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dc.contributor.authorHengari, Gideon M.
dc.contributor.authorHall, Carlton R.
dc.contributor.authorKozusko, Tim J.
dc.contributor.authorBostater, Charles R.
dc.date.accessioned2017-06-14T17:48:50Z
dc.date.available2017-06-14T17:48:50Z
dc.date.issued2013-10-24
dc.identifier.citationHengari, G. M., Hall, C. R., Kozusko, T. J., & Bostater, C. R. (2013). Use of ground penetrating radar for determination of water table depth and subsurface soil characteristics at Kennedy Space Center. Paper presented at the Proceedings of SPIE - the International Society for Optical Engineering, 8893 doi:10.1117/12.2030023en_US
dc.identifier.urihttp://hdl.handle.net/11141/1579
dc.description.abstractSustainable use and management of natural resources require strategic responses using non-destructive tools to provide spatial and temporal data for decision making. Experiments conducted at John F. Kennedy Space Center (KSC) demonstrate ground penetrating radar (GPR) can provide high-resolution images showing depth to water tables. GPR data at KSC were acquired using a MALÅ Rough Terrain 100 MHz Antenna. Data indicate strong correlation (R²=0.80) between measured water table depth (shallow monitoring wells and soil auger) and GPR estimated depth. The study demonstrated the use of GPR to detect Holocene and Pleistocene depositional environments such as Anastasia Formation that consists of admixtures of sand, shell and coquinoid limestone at a depth of 20-25 ft. This corresponds well with the relatively strong reflections from 7.5 to 13 m (125-215 ns) in GPR images. Interpretations derived from radar data coupled with other non-GPR data (wells data and soil auger data) will aid in the understanding of climate change impacts due to sea level rise on the scrub vegetation composition at KSC. Climate change is believed to have a potentially significant impact potential on near coastal ground water levels and associated water table depth. Understanding the impacts of ground water levels changes will, in turn, lead to improved conceptual conservation efforts and identifications of climate change adaptation concepts related to the recovery of the Florida scrub jay (Aphelocoma coerulescens) and other endangered or threatened species which are directly dependent on a healthy near coastal scrub habitat. Transfer of this inexpensive and non-destructive technology to other areas at KSC, Florida, and to other countries, may prove useful in the development of future conservation programs.en_US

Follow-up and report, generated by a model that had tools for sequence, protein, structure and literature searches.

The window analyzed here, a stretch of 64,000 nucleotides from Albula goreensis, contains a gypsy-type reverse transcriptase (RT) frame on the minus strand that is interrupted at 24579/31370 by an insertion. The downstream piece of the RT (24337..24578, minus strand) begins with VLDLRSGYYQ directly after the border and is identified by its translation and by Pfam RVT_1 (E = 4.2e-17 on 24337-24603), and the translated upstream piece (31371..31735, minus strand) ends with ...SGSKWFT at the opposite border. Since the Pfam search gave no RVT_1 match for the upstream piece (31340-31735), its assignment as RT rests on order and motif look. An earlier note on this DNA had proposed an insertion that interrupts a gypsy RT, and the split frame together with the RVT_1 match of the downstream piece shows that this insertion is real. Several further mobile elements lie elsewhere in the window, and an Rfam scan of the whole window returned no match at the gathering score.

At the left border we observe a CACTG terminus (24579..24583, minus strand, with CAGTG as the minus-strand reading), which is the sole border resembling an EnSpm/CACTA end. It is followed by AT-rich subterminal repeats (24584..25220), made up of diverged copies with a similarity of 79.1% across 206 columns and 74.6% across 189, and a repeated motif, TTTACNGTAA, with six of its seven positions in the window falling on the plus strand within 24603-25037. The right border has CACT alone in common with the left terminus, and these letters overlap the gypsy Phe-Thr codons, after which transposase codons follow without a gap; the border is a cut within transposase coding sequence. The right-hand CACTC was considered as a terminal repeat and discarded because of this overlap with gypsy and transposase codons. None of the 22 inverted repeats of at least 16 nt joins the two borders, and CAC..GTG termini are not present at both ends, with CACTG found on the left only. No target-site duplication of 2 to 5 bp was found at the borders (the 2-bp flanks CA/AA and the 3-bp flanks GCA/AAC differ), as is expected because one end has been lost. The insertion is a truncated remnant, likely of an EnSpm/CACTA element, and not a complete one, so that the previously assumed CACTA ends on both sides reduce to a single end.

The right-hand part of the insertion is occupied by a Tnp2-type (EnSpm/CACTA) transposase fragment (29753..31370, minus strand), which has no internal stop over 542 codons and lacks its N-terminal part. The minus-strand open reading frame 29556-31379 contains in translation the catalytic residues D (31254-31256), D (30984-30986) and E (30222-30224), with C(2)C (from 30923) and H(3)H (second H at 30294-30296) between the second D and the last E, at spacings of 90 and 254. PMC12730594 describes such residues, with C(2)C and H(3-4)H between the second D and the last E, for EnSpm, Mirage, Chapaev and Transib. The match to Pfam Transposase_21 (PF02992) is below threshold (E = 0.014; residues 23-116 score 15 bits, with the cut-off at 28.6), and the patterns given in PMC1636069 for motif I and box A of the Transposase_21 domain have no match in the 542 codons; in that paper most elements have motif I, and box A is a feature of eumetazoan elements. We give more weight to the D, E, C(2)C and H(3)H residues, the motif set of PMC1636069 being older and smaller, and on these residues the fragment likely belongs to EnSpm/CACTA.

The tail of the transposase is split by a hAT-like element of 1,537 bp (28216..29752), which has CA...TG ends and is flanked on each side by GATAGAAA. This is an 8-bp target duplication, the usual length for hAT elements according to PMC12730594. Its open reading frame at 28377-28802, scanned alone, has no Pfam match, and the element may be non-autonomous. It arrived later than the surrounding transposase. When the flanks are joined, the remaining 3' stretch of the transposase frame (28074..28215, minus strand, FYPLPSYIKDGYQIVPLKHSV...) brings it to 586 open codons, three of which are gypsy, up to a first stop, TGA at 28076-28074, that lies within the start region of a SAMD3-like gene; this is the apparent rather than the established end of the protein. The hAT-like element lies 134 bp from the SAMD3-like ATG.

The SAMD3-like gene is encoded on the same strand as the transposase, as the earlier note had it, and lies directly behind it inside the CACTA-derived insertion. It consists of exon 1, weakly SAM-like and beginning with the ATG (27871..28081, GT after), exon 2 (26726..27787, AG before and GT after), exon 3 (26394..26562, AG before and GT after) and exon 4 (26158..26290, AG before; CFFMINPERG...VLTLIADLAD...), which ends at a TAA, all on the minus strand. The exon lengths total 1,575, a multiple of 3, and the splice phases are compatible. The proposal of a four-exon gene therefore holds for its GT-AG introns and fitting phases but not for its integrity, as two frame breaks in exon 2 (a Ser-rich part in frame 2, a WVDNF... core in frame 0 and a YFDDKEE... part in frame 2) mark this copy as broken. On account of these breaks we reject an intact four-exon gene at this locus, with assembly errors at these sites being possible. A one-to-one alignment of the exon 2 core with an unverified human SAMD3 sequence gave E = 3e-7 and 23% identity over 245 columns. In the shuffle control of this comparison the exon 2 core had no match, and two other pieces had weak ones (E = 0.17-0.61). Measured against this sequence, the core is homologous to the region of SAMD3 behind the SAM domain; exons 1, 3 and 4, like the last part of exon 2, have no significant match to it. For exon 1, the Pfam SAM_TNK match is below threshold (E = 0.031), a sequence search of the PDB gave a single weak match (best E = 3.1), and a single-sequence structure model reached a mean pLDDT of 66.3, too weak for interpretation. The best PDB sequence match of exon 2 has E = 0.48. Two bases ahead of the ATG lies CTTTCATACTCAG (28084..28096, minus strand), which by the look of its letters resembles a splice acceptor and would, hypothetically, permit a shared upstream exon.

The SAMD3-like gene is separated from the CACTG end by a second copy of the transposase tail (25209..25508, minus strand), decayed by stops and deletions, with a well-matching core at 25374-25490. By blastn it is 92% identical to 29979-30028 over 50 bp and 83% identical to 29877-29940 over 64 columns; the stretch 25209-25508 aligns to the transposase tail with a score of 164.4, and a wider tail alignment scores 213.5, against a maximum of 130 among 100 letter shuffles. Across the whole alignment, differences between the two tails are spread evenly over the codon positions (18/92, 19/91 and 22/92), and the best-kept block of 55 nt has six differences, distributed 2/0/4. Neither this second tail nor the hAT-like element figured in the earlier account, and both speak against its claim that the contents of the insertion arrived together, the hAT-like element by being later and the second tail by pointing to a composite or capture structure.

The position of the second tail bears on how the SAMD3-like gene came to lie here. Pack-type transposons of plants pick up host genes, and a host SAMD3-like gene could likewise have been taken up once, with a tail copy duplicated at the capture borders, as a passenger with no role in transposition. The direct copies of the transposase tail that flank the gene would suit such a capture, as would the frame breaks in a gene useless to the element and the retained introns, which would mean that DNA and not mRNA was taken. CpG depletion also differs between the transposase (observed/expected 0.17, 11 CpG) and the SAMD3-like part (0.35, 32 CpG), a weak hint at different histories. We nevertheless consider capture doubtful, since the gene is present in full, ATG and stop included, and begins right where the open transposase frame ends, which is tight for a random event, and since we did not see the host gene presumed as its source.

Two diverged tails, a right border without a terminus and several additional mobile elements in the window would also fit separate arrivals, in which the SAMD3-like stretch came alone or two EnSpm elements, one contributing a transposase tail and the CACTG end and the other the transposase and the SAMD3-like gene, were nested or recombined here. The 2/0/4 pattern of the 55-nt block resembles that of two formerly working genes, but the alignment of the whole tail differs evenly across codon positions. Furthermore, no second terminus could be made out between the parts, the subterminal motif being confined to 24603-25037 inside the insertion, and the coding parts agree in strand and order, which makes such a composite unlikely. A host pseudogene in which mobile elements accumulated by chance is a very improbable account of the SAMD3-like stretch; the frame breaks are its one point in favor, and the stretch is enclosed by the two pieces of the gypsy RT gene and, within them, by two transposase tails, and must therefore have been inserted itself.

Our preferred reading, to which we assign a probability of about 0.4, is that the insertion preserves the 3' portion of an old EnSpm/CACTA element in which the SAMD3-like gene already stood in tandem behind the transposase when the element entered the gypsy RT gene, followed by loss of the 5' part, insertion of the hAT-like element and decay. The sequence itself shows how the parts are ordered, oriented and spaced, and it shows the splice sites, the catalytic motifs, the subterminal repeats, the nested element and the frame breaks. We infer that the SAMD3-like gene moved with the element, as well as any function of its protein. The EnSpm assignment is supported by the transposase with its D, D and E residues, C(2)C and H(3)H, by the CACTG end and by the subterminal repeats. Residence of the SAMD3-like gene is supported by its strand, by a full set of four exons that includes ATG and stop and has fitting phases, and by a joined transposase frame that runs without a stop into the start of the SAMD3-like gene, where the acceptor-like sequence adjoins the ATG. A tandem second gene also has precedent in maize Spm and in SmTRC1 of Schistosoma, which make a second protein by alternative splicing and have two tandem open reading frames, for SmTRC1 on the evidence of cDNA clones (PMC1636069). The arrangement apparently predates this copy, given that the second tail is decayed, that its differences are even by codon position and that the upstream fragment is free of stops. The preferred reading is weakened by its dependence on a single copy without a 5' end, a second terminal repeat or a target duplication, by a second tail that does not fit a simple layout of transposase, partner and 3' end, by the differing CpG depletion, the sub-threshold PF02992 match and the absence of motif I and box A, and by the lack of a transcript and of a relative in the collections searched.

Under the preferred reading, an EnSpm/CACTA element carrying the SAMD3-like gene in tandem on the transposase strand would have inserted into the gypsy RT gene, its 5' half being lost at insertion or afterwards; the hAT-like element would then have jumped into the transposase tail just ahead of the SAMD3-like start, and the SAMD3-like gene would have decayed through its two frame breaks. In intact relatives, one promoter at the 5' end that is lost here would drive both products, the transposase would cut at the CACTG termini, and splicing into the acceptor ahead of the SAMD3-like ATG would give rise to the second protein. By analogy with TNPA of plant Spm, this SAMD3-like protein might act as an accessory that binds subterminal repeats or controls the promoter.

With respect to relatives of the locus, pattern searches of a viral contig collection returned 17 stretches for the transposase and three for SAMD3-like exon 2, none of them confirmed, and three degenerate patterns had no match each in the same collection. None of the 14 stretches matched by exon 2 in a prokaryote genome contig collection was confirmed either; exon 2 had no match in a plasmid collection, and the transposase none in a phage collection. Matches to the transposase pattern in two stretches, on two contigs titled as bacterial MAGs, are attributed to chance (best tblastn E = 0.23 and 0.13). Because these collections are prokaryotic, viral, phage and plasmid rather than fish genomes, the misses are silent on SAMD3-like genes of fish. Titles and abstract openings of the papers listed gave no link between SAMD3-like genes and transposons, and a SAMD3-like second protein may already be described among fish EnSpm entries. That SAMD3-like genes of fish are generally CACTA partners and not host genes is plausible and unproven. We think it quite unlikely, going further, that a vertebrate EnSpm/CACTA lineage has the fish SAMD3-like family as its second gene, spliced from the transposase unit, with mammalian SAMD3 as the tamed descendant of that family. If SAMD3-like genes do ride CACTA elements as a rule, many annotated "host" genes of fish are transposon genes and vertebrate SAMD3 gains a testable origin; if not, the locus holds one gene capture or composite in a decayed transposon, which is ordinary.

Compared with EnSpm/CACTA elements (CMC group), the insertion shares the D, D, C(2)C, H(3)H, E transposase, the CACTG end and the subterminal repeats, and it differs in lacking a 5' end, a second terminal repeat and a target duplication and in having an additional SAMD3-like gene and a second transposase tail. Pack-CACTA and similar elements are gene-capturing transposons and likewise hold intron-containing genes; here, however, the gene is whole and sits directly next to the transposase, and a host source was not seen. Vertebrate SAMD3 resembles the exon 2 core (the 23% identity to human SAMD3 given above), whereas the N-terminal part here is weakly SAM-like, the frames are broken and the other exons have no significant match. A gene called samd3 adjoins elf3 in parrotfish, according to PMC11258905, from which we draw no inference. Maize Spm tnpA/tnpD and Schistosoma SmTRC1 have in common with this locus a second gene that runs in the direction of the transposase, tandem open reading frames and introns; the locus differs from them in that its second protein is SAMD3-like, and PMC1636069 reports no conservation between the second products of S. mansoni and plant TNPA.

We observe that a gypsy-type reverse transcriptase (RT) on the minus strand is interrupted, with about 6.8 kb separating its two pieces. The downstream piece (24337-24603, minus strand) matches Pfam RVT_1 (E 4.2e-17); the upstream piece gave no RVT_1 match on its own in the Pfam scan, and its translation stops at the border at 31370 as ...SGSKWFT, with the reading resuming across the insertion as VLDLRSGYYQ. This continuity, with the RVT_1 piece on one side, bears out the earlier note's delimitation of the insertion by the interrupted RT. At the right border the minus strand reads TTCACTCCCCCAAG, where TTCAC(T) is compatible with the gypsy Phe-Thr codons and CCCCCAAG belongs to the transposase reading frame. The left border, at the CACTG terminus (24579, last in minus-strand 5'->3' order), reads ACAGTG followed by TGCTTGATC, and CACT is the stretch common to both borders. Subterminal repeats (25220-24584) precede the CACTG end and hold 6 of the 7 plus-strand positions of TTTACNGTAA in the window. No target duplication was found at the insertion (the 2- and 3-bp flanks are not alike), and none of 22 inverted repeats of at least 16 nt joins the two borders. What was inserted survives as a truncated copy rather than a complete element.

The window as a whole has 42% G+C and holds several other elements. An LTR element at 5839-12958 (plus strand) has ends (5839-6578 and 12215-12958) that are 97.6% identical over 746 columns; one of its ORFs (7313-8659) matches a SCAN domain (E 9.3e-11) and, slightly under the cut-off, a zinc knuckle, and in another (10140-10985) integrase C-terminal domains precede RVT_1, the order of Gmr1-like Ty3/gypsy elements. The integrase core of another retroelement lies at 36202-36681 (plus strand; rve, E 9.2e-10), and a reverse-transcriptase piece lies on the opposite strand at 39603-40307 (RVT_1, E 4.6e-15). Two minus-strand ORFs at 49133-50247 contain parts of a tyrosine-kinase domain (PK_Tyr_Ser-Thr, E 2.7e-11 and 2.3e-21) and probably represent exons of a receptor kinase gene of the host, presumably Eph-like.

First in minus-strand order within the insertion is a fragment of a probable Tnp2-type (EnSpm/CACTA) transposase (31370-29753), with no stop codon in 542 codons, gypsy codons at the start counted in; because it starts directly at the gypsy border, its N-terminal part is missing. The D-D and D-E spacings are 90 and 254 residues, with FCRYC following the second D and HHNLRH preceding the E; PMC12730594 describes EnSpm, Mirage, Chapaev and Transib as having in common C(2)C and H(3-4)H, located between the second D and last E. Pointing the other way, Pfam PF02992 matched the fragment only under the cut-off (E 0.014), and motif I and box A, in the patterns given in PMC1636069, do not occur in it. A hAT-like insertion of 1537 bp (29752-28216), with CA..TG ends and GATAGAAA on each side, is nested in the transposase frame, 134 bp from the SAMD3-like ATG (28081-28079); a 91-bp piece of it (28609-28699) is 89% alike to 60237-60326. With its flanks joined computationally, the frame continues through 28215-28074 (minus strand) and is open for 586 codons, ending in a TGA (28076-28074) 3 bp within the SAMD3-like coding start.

dc.language.isoen_USen_US
dc.rightsThis published article is made available in accordance with publishers policy. It may be subject to U.S. copyright law.en_US
dc.rights.urihttp://spie.org/publications/journals/guidelines-for-authors#Terms_of_Useen_US
dc.titleUse of ground penetrating radar for determination of water table depth and subsurface soil characteristics at Kennedy Space Centeren_US
dc.typeConference Proceedingen_US
dc.identifier.doi10.1117/12.2030023


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